I’ve just looked up the etymology of the word ham-fisted, hoping it would refer to the days of ham radios, which would have drawn my metaphors together rather nicely. Alas, it doesn’t, but it was a term popularised by pilots during World War 1, so give me credit for a kind of tangentiality.

If you ever stop to think about it, there are many words and terms we use without really considering what they mean, or how they came to mean what they do. Or even if they actually mean what we think they do.

An example: the English-speaking universe hasn’t really fixed on a definition of fake news yet, and the terms misinformation and disinformation are sometimes confused. These are technical terms in the world I inhabit, but not perhaps as well-defined in general usage.

Misinformation is the accidental spreading of untruths and false information, whereas disinformation is deliberate untruth spread on purpose to deceive.

The first online dictionary that a Google search refers to would have you believe that disinformation is a synonym for misinformation, which again shows us how much work the English language has to do to catch up with its changing — and in this case, changed — reality.

In a way, this is emblematic of what the determining point of disinformation is: to make us doubt that there can be a fixed truth, or indeed any agreed-upon definition of the concept of truth.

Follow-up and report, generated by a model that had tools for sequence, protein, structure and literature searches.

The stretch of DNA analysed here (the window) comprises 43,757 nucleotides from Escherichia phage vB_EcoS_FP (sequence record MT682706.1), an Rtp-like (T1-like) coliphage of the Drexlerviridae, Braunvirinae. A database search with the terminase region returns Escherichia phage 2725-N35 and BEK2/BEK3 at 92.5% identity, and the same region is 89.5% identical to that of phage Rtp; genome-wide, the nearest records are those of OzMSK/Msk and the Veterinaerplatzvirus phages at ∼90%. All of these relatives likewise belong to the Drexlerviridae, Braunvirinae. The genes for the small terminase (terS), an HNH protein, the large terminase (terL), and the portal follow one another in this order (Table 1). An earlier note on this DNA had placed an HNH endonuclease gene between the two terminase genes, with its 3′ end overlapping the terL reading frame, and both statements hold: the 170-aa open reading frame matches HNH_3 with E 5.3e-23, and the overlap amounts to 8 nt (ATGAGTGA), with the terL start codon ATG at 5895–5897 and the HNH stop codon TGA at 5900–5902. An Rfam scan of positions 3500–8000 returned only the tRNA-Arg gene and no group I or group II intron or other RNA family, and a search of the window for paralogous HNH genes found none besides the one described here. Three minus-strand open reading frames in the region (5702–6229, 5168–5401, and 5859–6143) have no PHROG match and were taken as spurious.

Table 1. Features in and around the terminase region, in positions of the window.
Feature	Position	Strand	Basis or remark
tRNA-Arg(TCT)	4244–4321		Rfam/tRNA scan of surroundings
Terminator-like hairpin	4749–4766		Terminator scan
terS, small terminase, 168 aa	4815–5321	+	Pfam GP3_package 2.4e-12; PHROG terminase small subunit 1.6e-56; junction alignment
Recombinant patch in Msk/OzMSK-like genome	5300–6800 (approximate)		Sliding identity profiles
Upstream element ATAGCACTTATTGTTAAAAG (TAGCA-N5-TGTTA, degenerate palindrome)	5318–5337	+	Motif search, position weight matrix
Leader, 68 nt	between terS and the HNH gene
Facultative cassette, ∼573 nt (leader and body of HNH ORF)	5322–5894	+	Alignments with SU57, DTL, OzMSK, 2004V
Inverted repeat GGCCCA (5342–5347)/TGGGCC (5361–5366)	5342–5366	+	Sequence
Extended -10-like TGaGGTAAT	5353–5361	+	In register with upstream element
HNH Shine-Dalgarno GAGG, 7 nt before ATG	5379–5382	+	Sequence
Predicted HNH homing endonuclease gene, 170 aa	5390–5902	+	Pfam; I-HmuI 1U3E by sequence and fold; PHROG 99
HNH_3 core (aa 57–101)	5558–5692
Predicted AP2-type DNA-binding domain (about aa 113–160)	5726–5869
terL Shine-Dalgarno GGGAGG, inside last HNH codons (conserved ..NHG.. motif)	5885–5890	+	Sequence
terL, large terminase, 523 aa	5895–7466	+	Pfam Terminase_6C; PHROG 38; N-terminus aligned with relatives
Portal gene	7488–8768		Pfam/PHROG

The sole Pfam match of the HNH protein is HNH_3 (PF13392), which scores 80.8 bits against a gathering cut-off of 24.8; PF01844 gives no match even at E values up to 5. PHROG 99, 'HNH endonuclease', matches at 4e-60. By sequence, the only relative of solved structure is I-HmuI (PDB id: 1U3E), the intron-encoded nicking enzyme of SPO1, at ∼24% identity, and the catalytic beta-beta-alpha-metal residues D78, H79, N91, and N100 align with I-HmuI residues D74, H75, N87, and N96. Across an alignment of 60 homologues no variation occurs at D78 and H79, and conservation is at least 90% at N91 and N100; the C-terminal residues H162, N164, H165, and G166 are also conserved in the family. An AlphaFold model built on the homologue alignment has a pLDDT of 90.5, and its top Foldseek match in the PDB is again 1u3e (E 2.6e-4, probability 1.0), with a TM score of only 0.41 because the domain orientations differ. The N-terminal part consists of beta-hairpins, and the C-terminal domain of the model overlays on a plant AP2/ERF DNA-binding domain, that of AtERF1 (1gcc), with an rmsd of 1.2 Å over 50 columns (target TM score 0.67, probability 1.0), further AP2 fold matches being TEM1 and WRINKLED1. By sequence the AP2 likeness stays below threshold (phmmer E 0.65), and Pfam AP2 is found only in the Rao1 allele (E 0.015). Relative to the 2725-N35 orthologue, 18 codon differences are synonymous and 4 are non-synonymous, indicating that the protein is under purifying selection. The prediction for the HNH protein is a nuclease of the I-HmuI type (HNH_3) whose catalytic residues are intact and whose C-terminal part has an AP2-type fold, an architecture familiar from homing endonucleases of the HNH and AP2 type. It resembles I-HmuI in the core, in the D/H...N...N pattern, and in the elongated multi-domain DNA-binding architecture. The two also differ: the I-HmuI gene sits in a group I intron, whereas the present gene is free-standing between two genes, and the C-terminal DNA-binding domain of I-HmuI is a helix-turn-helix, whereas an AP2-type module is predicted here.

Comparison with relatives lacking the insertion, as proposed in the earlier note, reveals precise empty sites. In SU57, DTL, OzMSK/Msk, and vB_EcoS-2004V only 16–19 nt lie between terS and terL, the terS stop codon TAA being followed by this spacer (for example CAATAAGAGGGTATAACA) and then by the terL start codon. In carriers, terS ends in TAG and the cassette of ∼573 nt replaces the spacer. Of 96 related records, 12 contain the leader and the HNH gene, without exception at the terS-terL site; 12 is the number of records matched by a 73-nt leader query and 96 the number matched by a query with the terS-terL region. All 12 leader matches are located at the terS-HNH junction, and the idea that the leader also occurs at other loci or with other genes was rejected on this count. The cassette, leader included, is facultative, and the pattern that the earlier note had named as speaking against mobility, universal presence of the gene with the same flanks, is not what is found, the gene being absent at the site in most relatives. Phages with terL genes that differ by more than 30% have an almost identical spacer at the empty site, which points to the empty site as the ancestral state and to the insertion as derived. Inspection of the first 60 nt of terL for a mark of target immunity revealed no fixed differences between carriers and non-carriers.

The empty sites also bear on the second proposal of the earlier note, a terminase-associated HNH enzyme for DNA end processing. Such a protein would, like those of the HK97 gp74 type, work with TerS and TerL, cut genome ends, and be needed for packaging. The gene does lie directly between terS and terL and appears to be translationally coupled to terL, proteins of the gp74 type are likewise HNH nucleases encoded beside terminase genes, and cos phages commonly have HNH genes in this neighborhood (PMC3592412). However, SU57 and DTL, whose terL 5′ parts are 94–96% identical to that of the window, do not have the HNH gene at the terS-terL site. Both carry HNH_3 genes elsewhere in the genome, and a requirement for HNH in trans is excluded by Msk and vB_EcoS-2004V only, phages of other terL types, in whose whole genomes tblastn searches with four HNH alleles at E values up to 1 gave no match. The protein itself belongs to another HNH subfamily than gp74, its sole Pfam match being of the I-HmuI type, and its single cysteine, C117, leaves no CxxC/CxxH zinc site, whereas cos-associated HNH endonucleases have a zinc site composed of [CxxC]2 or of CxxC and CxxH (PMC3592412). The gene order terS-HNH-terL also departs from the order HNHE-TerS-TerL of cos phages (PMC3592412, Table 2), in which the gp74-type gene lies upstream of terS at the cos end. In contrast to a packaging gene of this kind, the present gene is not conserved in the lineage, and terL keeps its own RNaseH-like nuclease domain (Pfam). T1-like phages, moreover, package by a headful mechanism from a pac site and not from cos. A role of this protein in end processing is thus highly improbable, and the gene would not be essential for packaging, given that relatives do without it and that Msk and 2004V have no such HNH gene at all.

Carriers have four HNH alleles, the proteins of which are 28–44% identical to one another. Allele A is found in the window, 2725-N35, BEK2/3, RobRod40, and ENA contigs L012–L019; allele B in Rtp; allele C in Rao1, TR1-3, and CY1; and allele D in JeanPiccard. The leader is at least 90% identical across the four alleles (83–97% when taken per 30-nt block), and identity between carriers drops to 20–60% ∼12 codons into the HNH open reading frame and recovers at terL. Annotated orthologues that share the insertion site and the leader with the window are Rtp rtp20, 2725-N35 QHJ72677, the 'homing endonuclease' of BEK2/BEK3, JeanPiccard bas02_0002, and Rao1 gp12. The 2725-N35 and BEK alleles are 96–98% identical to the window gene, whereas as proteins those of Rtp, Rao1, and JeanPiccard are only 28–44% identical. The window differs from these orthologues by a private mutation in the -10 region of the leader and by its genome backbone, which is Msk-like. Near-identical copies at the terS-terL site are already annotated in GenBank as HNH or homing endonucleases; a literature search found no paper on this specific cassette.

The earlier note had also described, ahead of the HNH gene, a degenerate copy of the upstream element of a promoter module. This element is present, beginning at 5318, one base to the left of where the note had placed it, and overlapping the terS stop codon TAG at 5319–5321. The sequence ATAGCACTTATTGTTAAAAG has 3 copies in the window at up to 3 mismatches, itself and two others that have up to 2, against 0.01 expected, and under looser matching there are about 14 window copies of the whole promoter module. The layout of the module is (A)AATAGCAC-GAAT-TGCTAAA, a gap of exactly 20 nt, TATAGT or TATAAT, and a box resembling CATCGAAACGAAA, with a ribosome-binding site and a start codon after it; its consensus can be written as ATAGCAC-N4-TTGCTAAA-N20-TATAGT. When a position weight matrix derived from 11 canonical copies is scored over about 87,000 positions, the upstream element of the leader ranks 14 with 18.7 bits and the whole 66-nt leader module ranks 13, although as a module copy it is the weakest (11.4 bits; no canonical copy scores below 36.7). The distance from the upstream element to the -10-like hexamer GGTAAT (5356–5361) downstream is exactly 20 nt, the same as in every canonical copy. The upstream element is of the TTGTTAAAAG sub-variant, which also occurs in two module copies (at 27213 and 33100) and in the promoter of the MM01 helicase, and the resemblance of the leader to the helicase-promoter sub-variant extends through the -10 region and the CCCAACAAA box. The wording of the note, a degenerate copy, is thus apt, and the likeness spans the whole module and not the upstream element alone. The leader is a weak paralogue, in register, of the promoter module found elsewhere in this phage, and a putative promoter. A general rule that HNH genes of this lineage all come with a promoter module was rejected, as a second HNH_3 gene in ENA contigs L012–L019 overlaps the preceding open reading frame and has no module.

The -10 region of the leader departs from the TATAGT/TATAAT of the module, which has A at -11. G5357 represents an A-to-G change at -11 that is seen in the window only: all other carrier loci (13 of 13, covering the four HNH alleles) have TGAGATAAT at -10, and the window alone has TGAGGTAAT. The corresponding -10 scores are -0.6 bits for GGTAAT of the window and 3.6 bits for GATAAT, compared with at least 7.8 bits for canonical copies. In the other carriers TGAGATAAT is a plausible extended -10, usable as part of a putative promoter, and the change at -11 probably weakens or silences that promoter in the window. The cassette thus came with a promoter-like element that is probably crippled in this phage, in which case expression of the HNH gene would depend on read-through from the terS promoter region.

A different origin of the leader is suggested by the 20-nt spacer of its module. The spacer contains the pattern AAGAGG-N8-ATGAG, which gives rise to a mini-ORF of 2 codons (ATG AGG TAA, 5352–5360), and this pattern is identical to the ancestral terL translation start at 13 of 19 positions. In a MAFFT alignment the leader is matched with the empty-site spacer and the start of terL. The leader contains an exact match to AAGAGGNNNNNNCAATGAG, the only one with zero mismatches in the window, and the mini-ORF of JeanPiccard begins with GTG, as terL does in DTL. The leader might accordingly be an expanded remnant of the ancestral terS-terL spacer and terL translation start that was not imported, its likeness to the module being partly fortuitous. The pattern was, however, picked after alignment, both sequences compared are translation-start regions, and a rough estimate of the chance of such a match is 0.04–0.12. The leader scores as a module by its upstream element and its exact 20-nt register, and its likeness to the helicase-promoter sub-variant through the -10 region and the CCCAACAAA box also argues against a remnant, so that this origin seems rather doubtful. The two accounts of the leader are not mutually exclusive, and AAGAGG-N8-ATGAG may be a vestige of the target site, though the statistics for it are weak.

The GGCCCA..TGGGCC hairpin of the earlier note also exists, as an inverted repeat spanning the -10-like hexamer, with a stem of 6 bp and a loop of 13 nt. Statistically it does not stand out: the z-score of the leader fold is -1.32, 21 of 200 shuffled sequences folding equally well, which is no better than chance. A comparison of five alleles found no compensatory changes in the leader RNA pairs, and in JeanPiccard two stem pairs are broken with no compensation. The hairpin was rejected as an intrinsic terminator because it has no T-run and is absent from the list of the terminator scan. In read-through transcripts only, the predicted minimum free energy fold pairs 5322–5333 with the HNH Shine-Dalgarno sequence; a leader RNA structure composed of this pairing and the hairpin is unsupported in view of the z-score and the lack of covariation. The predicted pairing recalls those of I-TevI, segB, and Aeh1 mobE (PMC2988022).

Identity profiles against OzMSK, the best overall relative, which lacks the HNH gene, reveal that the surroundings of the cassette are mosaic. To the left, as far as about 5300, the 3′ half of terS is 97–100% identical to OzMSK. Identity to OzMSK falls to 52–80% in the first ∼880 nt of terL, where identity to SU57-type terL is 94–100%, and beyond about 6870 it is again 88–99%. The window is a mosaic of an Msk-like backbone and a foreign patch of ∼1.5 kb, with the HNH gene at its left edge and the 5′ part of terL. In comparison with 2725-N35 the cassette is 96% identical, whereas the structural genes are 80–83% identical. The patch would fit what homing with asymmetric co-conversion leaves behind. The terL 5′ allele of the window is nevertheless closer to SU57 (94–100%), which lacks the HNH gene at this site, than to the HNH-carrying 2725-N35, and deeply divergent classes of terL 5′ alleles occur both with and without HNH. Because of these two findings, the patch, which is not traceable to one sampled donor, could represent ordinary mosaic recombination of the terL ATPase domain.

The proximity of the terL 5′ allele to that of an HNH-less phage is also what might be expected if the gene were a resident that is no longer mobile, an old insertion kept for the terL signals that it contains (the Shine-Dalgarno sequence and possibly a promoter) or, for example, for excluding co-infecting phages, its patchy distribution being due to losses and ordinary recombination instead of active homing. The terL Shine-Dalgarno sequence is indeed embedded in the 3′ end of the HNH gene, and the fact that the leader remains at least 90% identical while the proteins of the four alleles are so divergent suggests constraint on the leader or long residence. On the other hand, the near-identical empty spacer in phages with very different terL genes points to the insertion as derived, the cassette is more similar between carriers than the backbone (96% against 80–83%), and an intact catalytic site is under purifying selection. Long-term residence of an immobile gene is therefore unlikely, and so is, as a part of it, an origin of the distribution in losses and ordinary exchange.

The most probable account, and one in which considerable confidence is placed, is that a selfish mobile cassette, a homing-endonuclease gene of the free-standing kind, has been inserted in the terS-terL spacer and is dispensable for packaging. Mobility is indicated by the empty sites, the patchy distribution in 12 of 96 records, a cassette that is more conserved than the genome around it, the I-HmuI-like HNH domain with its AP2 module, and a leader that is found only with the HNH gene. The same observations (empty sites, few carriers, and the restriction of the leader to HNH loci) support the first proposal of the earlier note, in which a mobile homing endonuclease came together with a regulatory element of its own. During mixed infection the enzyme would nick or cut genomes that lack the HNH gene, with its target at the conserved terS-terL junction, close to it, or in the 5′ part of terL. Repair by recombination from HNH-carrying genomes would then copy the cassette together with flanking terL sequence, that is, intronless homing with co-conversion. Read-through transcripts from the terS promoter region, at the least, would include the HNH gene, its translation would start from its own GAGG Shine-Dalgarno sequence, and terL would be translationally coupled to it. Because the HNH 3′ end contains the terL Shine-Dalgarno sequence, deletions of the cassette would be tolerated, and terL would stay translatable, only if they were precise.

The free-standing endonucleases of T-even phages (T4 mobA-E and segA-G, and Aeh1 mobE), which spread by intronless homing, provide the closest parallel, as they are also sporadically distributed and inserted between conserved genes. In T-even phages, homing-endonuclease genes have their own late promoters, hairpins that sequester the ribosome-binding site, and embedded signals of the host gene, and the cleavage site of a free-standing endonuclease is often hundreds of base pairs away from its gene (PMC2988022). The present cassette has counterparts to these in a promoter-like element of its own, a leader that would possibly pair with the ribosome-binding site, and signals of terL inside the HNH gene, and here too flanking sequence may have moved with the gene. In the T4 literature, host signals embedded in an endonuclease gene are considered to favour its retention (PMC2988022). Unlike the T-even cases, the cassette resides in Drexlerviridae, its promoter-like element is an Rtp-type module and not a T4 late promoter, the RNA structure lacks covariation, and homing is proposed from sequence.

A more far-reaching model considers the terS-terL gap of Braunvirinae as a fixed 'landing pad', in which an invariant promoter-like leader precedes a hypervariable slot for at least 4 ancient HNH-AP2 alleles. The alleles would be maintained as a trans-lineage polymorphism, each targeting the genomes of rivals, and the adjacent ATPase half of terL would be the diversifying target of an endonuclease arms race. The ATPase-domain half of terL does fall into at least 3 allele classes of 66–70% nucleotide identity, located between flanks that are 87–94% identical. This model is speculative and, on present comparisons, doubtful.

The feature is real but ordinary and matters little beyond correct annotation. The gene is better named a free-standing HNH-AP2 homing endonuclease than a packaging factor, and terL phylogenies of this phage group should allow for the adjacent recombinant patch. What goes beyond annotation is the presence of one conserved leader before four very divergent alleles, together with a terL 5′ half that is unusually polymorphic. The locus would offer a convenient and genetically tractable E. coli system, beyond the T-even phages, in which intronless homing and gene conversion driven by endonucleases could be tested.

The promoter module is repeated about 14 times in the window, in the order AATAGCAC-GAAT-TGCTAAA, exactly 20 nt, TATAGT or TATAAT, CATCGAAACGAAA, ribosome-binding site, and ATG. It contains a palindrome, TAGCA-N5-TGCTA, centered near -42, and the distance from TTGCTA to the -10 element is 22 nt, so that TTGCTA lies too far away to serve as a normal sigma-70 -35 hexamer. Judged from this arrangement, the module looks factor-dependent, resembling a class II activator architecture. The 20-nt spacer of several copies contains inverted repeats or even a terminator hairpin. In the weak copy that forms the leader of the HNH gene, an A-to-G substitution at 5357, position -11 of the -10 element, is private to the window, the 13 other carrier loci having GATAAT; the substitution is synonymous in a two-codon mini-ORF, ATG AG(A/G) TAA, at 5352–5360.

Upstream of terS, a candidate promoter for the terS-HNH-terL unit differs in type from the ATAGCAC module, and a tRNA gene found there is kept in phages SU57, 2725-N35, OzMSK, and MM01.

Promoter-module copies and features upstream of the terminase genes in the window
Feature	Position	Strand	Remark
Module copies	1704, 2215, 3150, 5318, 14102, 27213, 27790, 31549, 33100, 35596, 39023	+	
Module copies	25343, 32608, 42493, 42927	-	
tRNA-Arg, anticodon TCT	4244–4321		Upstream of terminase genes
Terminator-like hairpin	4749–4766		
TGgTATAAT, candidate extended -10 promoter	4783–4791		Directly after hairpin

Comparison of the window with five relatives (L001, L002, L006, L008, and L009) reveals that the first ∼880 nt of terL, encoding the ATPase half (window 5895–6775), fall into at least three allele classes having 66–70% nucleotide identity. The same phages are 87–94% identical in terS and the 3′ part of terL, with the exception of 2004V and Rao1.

We should by now — I say should — have internalised, consciously or unconsciously, the warning signs of misinformation. The best guide, possibly, is Matthew 7:15, in the King James edition of the Christian Bible: "Beware of false prophets, which come to you in sheep’s clothing, but inwardly they are ravening wolves."

In other words, as the old adage has it, "if it’s too good to be true, it probably is".

Further along the mountain range, on the second of the two hills that bookmark both my lockdown and this essay, a large white cross insistently looms over the village. It manages, as do most religious symbols, to look both awful and smug.

A while ago, in the impossibly distant time before lockdown, someone on social media questioned why it was there, on what he assumed was National Parks land. I had some sympathy for his argument, which appeared to be that the cross was an insult imposed on those who aren’t religious, and an aggressive assertion of a belief system that we don’t all share.